By the BC Winter Games
Speed skating dates back more than a 1,000 years from the frozen canals and waterways of Scandinavia and the Netherlands.
Men laced with animal bones to their footwear glided across frozen lakes and rivers. A history of the sport on Speed Skating Canada’s website states that by the 1600s, traveling on blades between villages was a useful and enjoyable means of transportation for the Dutch.
The world’s first event was in 1763 covering 24 kilometres on the fens of England. The International Skating Union was formed in the Netherlands in 1892. Canada’s first recorded race was on the St. Lawrence River in 1854.
The sport will now debut in Penticton for the 2016 BC Winter Games, Feb. 25-28. Despite not having a club, the city does have a rising athlete in the sport. Abigail McCluskey, a graduate of Pen High Secondary and a BC Games alumnae, competed in the Vernon 2012 BC Winter Games. She was recently chosen to compete in China for the 2016 ISU World Junior Long Track Championships in March.
McCluskey was coached by Nancy Goplen at Kelowna’s Okangan Regional Training Centre. Goplen is the coach for Zone 2 at the Penticton 2016 BC Winter Games and a former national long and short track team member and a five-time national champion. She won bronze at the 1977 world short track championship.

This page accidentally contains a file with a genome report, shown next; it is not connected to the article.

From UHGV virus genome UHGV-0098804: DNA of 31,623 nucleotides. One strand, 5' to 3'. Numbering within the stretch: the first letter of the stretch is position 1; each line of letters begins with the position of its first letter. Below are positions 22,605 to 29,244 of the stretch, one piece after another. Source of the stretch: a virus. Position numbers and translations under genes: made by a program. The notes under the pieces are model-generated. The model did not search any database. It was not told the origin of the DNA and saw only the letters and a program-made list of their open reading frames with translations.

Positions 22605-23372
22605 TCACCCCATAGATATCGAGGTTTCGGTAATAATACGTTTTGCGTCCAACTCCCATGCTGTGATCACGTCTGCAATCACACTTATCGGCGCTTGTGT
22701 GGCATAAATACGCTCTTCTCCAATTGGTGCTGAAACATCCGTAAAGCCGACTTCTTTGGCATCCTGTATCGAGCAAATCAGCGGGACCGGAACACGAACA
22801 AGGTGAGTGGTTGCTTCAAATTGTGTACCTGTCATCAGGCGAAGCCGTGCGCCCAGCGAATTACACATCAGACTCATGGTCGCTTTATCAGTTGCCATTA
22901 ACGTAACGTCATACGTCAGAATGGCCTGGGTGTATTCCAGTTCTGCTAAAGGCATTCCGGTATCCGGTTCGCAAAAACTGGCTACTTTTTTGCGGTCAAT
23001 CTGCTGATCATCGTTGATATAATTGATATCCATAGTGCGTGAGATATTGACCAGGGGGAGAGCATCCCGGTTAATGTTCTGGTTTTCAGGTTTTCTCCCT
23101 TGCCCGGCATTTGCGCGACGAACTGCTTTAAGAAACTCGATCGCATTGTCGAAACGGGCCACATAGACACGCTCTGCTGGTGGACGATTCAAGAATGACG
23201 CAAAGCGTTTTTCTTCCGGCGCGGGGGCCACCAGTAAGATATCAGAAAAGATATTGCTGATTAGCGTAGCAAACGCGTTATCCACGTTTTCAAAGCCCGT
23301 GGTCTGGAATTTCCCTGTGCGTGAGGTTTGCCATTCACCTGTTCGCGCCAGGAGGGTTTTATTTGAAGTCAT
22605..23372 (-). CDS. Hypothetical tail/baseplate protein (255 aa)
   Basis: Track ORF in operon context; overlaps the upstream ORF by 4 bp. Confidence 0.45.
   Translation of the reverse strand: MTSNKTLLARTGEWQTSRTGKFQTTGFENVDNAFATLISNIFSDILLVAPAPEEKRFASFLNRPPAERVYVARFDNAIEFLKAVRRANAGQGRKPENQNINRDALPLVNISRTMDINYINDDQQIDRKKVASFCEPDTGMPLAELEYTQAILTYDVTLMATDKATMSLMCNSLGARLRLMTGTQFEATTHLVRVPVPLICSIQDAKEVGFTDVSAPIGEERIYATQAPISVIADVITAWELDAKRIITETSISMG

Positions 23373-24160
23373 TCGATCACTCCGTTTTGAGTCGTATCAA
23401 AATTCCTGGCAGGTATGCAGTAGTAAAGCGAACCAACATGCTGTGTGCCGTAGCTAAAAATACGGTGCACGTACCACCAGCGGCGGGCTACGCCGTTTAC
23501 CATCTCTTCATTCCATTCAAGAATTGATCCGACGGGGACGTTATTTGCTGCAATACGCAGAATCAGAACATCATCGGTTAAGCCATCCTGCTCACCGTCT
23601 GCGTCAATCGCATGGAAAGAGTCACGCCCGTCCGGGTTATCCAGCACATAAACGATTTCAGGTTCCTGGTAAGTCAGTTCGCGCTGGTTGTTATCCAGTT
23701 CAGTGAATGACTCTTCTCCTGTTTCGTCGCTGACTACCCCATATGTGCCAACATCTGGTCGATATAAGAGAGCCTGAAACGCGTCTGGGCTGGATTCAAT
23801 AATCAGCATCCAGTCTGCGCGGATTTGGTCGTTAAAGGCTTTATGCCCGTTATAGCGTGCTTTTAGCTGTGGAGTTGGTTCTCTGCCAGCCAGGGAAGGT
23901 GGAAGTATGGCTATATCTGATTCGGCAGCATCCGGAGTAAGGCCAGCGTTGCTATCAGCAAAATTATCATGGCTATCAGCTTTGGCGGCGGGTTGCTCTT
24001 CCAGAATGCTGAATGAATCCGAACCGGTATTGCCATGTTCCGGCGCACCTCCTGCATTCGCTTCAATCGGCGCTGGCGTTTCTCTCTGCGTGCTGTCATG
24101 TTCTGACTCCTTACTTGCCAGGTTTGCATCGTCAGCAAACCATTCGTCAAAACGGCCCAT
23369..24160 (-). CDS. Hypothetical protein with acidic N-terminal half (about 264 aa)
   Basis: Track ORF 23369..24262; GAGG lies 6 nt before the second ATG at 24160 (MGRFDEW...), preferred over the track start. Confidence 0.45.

Goplen said spectators in Penticton can expect to see really fast skating, despite the young age (12 to 15) of the athletes.
“Being able to make passes cleanly, without taking out somebody, is going to be exciting,” said Goplen.
The sport consists of short and long track speed skating. Short track is what spectators will see at the BC Winter Games. The techniques are similar to track racers. Some skaters may prefer to lead from the start with the goal of wearing out their opponent or conserve their energy for the finishing sprint. Short track speed skating is on an 111.12-metre oval. With corners tight and hard to control, boards must be covered with protective mats.
With the passing, Goplen described the relay as “creating energy and passing that energy from one skater to the next through the push. That’s what they are trying to achieve.”
Speed skating will be at the South Okanagan Events Centre from 7 a.m. to 4:10 p.m. on Feb. 26; 7:30 a.m. to 3:07 p.m. on Feb. 27; and 7:30 a.m. to 10:40 a.m. on Feb. 28.
Notable alumnae of the BC Winter Games include sisters Tori, Josie and Sara Spence of Kamloops. They won multiple medals at the 2011 and 2015 Canada Winter Games and are on Canada’s long track development teams.